Corporate Social Media Policies Should Comply With Recent NLRB Decision

The National Labor Relations Board (NLRB) recently issued a decision with significant impact upon employer policies that apply to employee use of social media. [Costco Wholesale Corporation, 358 NLRB No. 106 (Sept. 7, 2012)]

It is not uncommon that employer social media policies include rules that prohibit employees from using social media in ways that might harm third parties, or potentially compromise company information. Corporate policies may seek to restrict the posting of negative or defamatory statements about other individuals or employees, or posting/sharing information the company prefers to keep confidential.

Unfortunately, such rules may violate the National Labor Relations Act (NLRA) which protects the right of employees to (a) form, join, or assist a union, (b) choose representatives to bargain with an employer on their behalf, (c) act together with other employees for their benefit and protection, or (d) choose not to engage in any such activities.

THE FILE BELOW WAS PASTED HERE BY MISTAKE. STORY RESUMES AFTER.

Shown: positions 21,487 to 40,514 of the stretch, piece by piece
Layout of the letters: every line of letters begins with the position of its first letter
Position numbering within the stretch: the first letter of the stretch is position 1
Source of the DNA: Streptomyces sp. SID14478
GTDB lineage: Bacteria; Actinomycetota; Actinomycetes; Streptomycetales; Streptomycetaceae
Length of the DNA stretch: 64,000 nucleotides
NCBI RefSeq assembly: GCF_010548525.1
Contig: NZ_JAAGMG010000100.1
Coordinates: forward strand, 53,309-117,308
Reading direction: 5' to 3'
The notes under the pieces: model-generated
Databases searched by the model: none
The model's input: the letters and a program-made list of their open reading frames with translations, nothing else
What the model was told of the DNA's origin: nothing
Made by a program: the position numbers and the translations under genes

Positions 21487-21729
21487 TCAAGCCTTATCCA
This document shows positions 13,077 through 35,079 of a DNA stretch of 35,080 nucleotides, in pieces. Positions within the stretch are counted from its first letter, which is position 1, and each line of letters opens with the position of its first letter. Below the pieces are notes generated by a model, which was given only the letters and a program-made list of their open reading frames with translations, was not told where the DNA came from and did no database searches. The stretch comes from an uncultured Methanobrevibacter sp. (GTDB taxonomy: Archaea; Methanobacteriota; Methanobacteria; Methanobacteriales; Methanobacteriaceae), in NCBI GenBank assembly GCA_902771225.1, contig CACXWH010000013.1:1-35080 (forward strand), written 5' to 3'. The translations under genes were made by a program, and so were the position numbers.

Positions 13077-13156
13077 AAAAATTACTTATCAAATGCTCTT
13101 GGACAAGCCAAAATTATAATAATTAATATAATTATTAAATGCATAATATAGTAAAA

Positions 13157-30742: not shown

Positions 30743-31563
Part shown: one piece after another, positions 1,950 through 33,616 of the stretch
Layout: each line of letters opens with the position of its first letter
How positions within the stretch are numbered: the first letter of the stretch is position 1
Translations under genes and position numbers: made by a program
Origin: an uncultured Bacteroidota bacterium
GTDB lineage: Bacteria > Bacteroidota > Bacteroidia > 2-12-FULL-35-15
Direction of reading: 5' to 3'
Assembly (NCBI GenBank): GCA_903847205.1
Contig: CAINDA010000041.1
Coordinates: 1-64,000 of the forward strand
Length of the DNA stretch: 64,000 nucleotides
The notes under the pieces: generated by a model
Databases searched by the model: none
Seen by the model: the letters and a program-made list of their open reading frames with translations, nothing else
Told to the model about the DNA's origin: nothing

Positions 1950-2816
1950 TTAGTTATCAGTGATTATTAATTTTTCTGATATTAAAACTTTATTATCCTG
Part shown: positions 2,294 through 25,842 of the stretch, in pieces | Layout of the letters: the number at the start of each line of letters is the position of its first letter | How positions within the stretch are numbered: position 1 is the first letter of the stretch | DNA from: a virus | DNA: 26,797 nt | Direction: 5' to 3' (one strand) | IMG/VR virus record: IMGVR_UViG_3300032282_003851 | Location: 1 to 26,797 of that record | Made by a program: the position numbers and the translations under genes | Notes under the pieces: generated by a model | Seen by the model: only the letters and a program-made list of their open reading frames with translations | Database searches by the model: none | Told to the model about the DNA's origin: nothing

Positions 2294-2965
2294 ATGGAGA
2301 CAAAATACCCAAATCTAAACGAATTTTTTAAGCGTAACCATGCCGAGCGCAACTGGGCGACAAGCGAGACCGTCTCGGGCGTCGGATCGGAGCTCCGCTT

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Published In: Administrative Agency Updates, Business Organization Updates, General Business Updates, Labor & Employment Updates, Privacy Updates

DISCLAIMER: Because of the generality of this update, the information provided herein may not be applicable in all situations and should not be acted upon without specific legal advice based on particular situations.

© Robert Freedman - Partner at Tharpe & Howell, LLP | Attorney Advertising

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